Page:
Liaising with Communities

FOR are keen to work with communities throughout the project lifetime. During the development phase this includes listening to feedback from communities during the planning phases to help shape the proposed wind farm. Should the project be consented FOR works with local groups to set up a community benefit fund. FOR’s community benefit funds are run and administered by local people enabling them to fund and deliver projects that meet local community needs.


FOR works with local, state, and federal government agencies to obtain the required permits for each project to make sure we comply with all requirements and regulations.


After the wind farm application is determined and gains consent, access to the grid is secured and all other cost elements are carefully considered the construction work can start. FOR  has in-house expertise with a long track record of managing project construction. Construction activities include roadworks, underground cabling, foundation construction, and turbine installation.

Maintenance of a wind turbine requires the ongoing services of a team of technicians. The technicians are trained to perform both routine maintenance, day-to-day troubleshooting and more major repairs as required.

Each of the turbines has multiple sensors. The turbines have a permanent data connection that goes to a data gathering and monitoring centre which enables the  technicians or engineers monitor the turbine twenty-four hours, seven days a week.

In the event of a performance disruption, our service team either make adjustments from the control room or, if necessary, we dispatch technicians to site with precise support instructions.

At Fred. Olsen Renewables we take our environmental responsibilities just as seriously as we do generating electricity. Landscape restoration is a vital part of our work. Many of our developments have a Habitat Management Plan which or teams of ecologists and other specialists work to deliver to ensure the land associated with the wind farm is well looked after.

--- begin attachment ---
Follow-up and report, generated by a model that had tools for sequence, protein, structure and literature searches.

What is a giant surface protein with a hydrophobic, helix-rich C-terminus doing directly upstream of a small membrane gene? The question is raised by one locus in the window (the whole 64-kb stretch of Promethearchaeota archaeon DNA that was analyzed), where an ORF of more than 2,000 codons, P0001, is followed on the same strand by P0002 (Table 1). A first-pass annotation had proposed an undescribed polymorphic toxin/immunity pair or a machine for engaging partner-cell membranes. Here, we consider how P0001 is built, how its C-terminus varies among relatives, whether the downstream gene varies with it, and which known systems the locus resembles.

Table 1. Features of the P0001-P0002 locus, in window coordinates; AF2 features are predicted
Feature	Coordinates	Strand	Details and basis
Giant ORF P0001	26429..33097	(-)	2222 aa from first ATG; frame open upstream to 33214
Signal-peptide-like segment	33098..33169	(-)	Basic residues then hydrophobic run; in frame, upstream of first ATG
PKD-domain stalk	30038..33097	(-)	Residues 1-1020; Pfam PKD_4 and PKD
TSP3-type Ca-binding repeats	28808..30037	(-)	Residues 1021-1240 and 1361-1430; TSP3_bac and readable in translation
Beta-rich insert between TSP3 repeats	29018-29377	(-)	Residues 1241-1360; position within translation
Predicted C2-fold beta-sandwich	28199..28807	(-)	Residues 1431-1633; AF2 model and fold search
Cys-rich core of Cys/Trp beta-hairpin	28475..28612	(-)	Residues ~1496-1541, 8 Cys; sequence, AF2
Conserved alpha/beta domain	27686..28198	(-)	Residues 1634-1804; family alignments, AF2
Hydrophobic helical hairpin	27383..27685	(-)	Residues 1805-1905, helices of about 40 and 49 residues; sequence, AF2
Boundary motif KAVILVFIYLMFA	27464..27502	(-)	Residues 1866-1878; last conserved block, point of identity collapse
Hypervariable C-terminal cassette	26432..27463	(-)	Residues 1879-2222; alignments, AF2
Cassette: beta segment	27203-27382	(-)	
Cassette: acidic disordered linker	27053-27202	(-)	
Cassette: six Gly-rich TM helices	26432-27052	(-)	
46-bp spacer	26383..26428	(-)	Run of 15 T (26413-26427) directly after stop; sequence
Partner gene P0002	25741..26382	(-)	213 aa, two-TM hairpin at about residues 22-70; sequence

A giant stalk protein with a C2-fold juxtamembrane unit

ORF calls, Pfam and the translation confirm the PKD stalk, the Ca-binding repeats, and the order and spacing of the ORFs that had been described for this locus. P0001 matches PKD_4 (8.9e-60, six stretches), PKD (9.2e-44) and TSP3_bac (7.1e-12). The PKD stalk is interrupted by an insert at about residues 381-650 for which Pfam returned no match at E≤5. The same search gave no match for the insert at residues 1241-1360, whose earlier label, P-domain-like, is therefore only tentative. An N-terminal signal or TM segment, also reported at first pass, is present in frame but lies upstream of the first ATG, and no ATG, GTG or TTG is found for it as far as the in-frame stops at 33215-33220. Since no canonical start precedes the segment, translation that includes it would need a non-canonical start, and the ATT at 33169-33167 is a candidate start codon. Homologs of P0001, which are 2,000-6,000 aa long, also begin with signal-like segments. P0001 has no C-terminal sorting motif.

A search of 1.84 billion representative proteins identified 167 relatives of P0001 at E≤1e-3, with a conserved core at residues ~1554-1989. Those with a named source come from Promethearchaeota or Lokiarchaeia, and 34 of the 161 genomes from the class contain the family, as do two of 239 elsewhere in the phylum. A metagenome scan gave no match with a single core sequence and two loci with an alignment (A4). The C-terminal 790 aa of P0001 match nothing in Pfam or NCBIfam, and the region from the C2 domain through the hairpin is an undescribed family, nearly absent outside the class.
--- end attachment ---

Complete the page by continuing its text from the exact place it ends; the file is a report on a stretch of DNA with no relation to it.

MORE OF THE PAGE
The environment around the wind farm.

Our wind farm sites in Scotland are typical of the environments that are suited to wind energy production across Europe. Many of our wind farms are located on upland moorland or forestry areas and the ecologists visit site on a regular basis to take detailed measurements of the water quality in the many burns (streams) that have been restored as part of the wind farm development.

Prior to the existence of the wind farms, many of the water courses had become blocked or silted up over many years and the environmental work carried out by our team has meant many types of plant and animal life have returned to the moorlands. The work is carefully planned with The Upland Moorland Committee locally in Scotland and working with the RSPB, regular bird surveys are carried out.

In recent years the results have been encouraging and at Rothes Wind Farm for example, a breeding pair of hen harriers have returned to the moor following the work by the team. Ground nesting birds are now protected by the work the ecologists do in controlling vermin (which aren’t native to the moors), this in turn provides a stable food chain for hunting raptors such as the hen harriers.